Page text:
This is all very impressive and inspiring stuff (apart from one remarkably uncritical review of Ofgem’s RIIO which caused mental warning bells to ring). However, NYPSC has not suddenly had a brainwave. They have begun over the last decade to take steps towards a distributed grid architecture and evolution of the regulatory paradigm. For example they have: demand response programs at the distribution level, as well as cooperation with the New York Independent System Operator’s bulk level demand response programs; Performance-based rate incentive; revenue decoupling mechanisms that make utilities indifferent to changes in sales volume that may result from customers adopting energy efficiency and distributed generation; interconnection standards for customer-sited generation connected to the distribution system; standby rates (i.e., rates paid to utilities, by customers that own generation equipment, for the value of having the utility system available as a backup); Time of Use rates (voluntary for smaller customers) to encourage off-peak usage; Gas delivery rates for customers with distributed generation; Energy efficiency programs and bonds to pay for them; customer-sited clean energy programs under the Renewable Portfolio Standard; advanced energy technology research and development programs; a Green Bank to facilitate financing of advanced energy projects; and implementation of statutory net metering requirements.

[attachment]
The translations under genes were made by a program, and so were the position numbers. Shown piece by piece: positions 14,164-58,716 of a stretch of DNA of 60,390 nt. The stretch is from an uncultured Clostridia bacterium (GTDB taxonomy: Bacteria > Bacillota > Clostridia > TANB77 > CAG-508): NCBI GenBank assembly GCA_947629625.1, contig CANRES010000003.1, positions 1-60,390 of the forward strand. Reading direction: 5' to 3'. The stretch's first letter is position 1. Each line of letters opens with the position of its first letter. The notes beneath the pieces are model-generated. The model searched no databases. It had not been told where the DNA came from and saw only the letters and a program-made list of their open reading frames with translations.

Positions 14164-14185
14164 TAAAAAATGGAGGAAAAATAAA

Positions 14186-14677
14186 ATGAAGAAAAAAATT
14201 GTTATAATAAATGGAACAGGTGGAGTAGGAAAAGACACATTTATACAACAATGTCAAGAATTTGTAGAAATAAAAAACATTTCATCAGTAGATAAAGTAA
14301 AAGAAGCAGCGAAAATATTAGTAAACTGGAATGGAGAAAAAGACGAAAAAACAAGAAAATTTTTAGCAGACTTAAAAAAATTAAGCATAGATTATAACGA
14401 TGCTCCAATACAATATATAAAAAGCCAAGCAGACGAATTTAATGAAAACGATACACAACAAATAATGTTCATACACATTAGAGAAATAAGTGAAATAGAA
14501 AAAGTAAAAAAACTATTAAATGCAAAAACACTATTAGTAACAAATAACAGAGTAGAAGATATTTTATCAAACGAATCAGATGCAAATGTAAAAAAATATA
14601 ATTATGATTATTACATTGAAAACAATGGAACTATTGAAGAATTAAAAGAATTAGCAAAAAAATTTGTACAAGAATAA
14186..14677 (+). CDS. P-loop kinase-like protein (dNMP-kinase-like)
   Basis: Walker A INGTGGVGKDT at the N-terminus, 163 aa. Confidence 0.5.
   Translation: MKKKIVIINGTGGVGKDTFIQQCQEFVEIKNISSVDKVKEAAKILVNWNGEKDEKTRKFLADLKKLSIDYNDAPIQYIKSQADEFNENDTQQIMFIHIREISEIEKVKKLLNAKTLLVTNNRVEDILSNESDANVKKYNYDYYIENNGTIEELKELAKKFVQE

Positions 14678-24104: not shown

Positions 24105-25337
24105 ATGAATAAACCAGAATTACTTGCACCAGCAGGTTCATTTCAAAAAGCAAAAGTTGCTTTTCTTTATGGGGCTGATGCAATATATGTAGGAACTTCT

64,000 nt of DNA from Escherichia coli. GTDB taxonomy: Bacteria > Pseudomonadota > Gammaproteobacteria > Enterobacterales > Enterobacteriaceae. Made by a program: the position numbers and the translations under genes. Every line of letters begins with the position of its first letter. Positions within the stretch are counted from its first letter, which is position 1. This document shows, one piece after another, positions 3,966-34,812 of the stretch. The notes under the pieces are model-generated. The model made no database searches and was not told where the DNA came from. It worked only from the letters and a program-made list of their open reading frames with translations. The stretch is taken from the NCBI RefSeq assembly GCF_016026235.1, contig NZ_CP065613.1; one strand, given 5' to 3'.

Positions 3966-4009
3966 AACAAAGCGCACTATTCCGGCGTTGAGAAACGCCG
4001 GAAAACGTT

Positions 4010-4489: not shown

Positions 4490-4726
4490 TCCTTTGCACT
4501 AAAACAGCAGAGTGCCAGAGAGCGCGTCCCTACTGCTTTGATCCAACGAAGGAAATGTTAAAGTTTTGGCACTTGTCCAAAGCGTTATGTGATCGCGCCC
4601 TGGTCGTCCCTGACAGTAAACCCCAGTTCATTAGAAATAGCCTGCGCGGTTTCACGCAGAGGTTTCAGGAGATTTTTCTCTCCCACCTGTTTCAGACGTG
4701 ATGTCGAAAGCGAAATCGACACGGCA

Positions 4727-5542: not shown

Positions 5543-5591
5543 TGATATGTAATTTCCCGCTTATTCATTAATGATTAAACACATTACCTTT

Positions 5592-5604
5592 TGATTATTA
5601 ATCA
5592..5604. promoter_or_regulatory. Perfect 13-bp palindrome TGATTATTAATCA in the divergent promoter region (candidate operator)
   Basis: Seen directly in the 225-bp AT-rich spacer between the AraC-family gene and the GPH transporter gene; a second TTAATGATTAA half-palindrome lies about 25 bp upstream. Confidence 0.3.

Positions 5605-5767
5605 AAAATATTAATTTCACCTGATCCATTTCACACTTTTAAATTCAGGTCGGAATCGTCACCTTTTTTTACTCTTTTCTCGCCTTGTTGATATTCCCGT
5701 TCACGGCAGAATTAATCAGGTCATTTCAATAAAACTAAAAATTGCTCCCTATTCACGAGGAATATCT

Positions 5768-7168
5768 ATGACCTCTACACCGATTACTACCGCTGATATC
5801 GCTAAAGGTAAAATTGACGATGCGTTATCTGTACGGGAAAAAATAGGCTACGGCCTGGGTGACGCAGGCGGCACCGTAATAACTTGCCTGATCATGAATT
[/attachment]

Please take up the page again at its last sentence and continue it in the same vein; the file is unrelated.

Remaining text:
Of course, the REV has just been announced. There is a long way to go before it is implemented. However, Audrey Zibelman (Chair of the NYPSC) has a progressive background and has said she wanted the name Reforming the Vision rather than something like Utility 2.0 because she wants the changes to go well beyond the latter. Similarly, Richard Kauffman, Energy Czar to NY State and ex Senior Advisor to Steven Chu at the Department of Energy, has been making unequivocal statements on the need for change.
So what is the politics behind this? Will it remain a radical document or will it be implemented? Zibelman and Kauffman have powerful allies and are credible. They have until the end of 2018 (assuming the present administration remains intact) to address the policy issues, move through a compliance phase, and accomplish substantial implementation. And they have a large staff to undertake the work. Getting that governance right is essential if a real step change in the energy system to sustainability, efficiency and security is to be delivered. Questions about the role of the regulator, utility, customer and business in future energy systems is the first step to implementing that appropriate governance. A lot of people are watching New York State (with its 19 million people) to see how it works out, and we in Britain should be keeping track too.